• The sources are balanced (equal amplitudes, 120 between phases, v 0 = 0 ).
  • Based on (61), the power source is defined by
    1 2 ( v d , 1 i d + v q , 1 i q ) = P , 1 2 ( v q , 1 i d v d , 1 i q ) = 0 ,
    meaning that under a quasi-static approximation the active power is P, and the reactive power is zero.
  • The infinite bus has an RMS voltage of V g , and a frequency of ω s .
  • We use a d q 0 transformation with a reference angle θ ( t ) = ω s t .
The quasi-static model has no dynamic states. The voltages, currents and powers may be found by solving the power flow equations, where bus 1 is a PQ bus (P, Q known, | V | , δ unknown), and bus 2 is the reference bus ( | V | , δ = 0 known, P, Q unknown). Since the quasi-static model does not describe the system dynamics, it provides no information regarding the system stability. Even if the power flow equations has a solution, the system may be either stable or unstable.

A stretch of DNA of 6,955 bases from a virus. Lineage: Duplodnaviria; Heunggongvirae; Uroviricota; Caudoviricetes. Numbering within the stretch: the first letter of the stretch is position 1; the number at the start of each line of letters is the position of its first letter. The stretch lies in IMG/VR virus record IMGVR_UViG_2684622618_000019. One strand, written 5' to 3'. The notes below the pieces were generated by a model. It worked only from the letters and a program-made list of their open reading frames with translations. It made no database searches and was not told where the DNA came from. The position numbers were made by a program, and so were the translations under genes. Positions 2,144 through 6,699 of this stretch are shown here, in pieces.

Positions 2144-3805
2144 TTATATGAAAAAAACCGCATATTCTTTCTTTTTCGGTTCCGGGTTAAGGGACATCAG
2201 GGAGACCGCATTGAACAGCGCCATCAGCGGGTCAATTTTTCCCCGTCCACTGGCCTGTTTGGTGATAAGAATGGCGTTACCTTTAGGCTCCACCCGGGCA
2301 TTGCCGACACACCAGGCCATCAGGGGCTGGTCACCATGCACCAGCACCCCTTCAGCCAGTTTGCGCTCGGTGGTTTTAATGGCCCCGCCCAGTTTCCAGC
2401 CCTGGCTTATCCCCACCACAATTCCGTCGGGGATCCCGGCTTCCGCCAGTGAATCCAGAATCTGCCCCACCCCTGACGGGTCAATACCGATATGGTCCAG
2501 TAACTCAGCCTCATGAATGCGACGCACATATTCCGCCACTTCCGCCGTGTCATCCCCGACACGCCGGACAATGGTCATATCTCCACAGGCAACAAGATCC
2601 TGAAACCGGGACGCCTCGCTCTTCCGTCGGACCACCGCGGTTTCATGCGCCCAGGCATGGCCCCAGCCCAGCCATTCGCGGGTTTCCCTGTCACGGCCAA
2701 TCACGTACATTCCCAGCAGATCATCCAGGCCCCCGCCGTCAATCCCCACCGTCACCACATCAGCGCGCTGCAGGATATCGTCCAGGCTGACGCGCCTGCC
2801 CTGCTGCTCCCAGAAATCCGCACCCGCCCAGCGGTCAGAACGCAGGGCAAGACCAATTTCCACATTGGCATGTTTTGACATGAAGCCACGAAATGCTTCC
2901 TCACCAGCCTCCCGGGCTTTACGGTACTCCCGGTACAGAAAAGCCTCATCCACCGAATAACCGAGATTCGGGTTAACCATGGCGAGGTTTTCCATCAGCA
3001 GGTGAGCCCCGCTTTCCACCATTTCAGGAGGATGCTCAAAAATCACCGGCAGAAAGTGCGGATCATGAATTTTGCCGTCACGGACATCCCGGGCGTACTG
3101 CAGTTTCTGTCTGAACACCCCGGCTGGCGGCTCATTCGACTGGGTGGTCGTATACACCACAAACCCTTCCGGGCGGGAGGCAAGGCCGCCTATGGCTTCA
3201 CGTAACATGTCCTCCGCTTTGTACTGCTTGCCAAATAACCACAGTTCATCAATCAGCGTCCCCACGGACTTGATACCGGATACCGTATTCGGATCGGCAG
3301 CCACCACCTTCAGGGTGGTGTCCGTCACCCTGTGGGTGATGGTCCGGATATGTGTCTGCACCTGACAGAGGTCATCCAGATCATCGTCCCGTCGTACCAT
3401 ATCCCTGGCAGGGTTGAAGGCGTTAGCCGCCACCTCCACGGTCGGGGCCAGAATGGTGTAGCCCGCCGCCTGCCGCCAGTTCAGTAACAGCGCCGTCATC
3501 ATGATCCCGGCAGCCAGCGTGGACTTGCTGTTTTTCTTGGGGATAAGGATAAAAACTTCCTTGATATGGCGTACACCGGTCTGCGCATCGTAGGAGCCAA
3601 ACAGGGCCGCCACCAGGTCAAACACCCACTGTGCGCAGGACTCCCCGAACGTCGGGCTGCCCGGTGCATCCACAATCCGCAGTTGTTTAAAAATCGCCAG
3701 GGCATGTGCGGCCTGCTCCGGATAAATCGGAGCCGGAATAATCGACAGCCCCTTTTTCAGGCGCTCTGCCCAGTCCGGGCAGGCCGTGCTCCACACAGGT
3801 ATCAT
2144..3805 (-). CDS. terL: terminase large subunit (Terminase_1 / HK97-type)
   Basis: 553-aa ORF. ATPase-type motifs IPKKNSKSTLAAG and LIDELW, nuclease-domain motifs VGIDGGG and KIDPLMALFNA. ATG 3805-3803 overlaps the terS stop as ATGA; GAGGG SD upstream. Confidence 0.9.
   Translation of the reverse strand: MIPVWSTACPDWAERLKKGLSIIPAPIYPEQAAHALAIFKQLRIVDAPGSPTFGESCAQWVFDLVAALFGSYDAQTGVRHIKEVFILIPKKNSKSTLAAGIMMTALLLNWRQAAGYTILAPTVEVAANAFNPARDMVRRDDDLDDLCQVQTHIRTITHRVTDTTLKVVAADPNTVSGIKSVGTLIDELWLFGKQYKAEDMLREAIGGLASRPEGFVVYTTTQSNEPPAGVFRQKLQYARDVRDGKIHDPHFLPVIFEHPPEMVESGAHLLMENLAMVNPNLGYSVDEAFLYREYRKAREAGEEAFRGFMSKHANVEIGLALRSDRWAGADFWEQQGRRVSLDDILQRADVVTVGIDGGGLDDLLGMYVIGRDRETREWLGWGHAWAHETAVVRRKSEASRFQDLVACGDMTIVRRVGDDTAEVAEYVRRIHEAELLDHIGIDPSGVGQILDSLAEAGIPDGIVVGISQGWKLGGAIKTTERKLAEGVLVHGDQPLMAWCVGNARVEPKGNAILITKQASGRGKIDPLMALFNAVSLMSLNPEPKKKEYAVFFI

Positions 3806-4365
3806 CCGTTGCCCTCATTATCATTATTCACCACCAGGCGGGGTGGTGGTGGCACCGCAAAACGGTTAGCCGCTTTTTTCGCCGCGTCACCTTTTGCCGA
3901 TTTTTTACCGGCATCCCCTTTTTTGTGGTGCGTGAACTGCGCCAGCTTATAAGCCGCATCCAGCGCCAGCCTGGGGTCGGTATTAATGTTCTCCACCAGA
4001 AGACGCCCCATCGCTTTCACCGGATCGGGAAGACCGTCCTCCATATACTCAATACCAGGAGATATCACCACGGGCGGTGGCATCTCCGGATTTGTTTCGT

We will now describe the accurate system dynamics based on d q signals. The following analysis shows that if R = 0 and C = 0 , then the system is unstable. The infinite bus is described by
v d , 2 = 2 V g , v q , 2 = 0 .
Using (14) with θ = ω s t , the inductor is described by (remember that R = 0 )
d d t i d = ω s i q + 1 L ( v d , 1 v d , 2 ) , d d t i q = ω s i d + 1 L ( v q , 1 v q , 2 ) .
The power source is modeled as in (63). We choose to view it as a controlled voltage source. To this end, solving (63) with respect to the voltages yields
v d , 1 v q , 1 = 2 P i d 2 + i q 2 i d i q .
Combination of (64)–(66) provides the (nonlinear) state-space model
d d t i d = ω s i q + 2 P L i d i d 2 + i q 2 2 V g L , d d t i q = ω s i d + 2 P L i q i d 2 + i q 2 .
The Jacobian of this model at an equilibrium point ( i ¯ d , i ¯ q ) is
A = 2 P L i ¯ d 2 i ¯ q 2 i ¯ d 2 + i ¯ q 2 2 ω s 4 P L i ¯ d i ¯ q i ¯ d 2 + i ¯ q 2 2 ω s 4 P L i ¯ d i ¯ q i ¯ d 2 + i ¯ q 2 2 2 P L i ¯ d 2 i ¯ q 2 i ¯ d 2 + i ¯ q 2 2 .
The poles of the system are found by computing the roots of the characteristic polynomial, which is given for a second-order system by
s 2 Tr ( A ) s + det ( A ) = 0 ,